Each of the top 400 U.S. taxpayers took home, on average, about $336 million in 2012—but they only paid 16.72 percent in federal income taxes. That’s down from tax rates in the 28-29 range in the early 1990s, according to the latest data from the Internal Revenue Service (pdf).
What happened? Basically, the tiny group at the top has used a portion of the surplus they’ve been able to capture—amounting to about $134 billion or 1.5 percent of U.S. (adjusted gross) income—to purchase favorable tax policy and hire an army of lawyers and accountants to shield much of their income from U.S. taxes.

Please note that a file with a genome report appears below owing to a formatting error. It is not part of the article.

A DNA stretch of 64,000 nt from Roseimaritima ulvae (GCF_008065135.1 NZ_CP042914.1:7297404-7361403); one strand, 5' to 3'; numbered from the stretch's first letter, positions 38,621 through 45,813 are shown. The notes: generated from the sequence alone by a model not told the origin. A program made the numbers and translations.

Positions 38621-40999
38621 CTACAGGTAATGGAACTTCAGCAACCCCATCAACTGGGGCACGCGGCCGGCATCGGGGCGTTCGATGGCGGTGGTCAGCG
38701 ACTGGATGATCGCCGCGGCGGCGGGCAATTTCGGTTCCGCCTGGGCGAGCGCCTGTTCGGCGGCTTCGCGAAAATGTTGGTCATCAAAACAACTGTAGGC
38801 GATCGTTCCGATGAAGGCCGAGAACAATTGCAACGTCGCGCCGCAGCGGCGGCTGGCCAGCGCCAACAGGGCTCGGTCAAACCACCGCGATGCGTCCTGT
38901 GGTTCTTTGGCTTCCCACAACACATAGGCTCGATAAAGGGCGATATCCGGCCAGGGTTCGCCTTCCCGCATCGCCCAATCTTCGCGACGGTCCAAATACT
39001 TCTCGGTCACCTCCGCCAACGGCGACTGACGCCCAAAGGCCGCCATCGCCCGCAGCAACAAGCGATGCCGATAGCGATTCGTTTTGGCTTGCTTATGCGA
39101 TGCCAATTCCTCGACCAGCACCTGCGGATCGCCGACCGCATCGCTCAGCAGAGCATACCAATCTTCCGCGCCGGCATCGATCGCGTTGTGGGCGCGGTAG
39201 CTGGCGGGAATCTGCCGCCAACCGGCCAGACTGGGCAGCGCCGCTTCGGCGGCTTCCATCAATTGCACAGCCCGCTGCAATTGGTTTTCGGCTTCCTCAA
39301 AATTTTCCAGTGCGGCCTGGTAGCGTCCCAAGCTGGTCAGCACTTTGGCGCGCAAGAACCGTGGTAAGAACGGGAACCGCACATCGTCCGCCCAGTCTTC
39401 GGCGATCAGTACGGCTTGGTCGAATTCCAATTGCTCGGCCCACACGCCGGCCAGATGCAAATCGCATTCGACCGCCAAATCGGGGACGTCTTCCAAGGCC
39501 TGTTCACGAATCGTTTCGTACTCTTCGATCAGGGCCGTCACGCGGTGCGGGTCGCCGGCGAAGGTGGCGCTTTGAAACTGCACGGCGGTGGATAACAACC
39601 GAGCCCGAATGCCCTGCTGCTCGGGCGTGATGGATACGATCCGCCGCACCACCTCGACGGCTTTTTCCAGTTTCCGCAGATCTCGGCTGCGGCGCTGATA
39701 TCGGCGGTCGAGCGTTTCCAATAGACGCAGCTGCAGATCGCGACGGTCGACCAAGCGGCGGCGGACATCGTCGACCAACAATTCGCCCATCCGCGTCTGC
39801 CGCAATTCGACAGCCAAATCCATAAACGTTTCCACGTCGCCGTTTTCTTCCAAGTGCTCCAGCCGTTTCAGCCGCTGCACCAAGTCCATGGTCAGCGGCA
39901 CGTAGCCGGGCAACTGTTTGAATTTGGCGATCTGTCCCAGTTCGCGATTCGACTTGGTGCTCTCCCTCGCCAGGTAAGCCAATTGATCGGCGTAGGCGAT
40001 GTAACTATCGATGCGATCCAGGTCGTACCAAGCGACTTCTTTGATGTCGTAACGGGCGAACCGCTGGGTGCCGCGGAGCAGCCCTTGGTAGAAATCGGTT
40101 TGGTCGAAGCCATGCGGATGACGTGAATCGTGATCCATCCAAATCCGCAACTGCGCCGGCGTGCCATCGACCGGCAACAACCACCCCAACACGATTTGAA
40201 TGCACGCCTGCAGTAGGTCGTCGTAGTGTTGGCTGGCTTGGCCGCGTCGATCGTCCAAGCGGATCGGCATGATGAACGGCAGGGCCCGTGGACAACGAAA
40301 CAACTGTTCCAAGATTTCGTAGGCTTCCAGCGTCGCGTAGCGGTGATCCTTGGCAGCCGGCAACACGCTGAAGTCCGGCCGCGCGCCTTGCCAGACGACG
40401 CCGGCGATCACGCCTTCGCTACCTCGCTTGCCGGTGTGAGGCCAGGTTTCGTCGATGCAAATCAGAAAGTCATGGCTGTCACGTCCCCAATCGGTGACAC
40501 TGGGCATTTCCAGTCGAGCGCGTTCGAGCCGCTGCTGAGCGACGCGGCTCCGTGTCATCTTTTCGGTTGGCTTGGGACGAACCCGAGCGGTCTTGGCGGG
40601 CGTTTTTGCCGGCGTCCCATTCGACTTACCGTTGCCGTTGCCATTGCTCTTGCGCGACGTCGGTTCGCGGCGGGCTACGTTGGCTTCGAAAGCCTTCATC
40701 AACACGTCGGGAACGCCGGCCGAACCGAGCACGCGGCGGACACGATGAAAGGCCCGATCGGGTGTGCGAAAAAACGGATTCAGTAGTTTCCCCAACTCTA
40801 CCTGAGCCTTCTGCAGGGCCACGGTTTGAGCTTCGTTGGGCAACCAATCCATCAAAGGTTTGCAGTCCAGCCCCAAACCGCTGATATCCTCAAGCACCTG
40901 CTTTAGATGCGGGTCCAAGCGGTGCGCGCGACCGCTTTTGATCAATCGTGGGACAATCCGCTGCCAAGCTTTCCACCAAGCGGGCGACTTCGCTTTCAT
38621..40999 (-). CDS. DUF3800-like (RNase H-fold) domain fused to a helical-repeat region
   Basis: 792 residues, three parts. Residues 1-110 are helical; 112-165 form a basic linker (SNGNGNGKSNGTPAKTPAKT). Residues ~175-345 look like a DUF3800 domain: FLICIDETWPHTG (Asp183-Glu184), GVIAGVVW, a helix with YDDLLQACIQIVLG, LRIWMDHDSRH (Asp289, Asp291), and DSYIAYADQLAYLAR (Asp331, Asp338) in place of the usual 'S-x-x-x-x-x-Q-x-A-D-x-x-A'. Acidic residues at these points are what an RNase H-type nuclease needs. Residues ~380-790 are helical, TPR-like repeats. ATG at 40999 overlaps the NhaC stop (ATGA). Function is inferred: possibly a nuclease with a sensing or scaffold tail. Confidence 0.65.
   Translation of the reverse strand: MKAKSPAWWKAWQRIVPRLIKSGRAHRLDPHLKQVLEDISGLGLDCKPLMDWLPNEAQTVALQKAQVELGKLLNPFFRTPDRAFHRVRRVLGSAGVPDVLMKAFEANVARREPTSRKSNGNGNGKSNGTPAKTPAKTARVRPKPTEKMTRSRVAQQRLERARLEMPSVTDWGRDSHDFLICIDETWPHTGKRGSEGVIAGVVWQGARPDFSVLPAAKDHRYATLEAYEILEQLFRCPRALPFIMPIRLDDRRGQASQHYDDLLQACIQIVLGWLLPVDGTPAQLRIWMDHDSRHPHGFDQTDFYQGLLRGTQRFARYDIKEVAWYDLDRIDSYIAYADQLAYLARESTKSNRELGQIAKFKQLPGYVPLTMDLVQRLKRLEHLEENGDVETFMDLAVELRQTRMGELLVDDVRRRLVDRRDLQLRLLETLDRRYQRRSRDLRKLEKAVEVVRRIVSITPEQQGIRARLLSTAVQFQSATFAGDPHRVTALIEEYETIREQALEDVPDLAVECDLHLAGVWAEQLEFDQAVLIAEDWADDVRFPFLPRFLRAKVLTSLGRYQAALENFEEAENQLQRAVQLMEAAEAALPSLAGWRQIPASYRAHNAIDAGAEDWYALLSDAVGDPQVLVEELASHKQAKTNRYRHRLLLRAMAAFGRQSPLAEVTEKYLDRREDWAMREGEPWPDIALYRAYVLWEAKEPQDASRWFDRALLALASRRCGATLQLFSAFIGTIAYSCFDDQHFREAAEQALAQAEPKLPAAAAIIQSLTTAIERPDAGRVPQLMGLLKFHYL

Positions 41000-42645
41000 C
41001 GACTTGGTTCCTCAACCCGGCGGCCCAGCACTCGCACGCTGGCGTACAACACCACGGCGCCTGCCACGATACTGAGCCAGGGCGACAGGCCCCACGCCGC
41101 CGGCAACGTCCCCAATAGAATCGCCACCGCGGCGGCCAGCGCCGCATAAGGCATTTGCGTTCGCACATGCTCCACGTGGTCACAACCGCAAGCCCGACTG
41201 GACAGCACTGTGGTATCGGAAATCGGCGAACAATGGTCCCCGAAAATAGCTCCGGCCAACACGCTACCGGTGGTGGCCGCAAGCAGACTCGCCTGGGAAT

In the meantime, their incomes have grown dramatically: on average (in 1990 dollars), from $47 million in 1992 to $76 million in 2012, and, as a total (also in 1990 dollars), from $17 billion to $76 billion.
As F. Scott Fitzgerald explained, these careless people, who smash up things and creatures, are able to retreat back into their money and let other people clean up the mess they have made. . .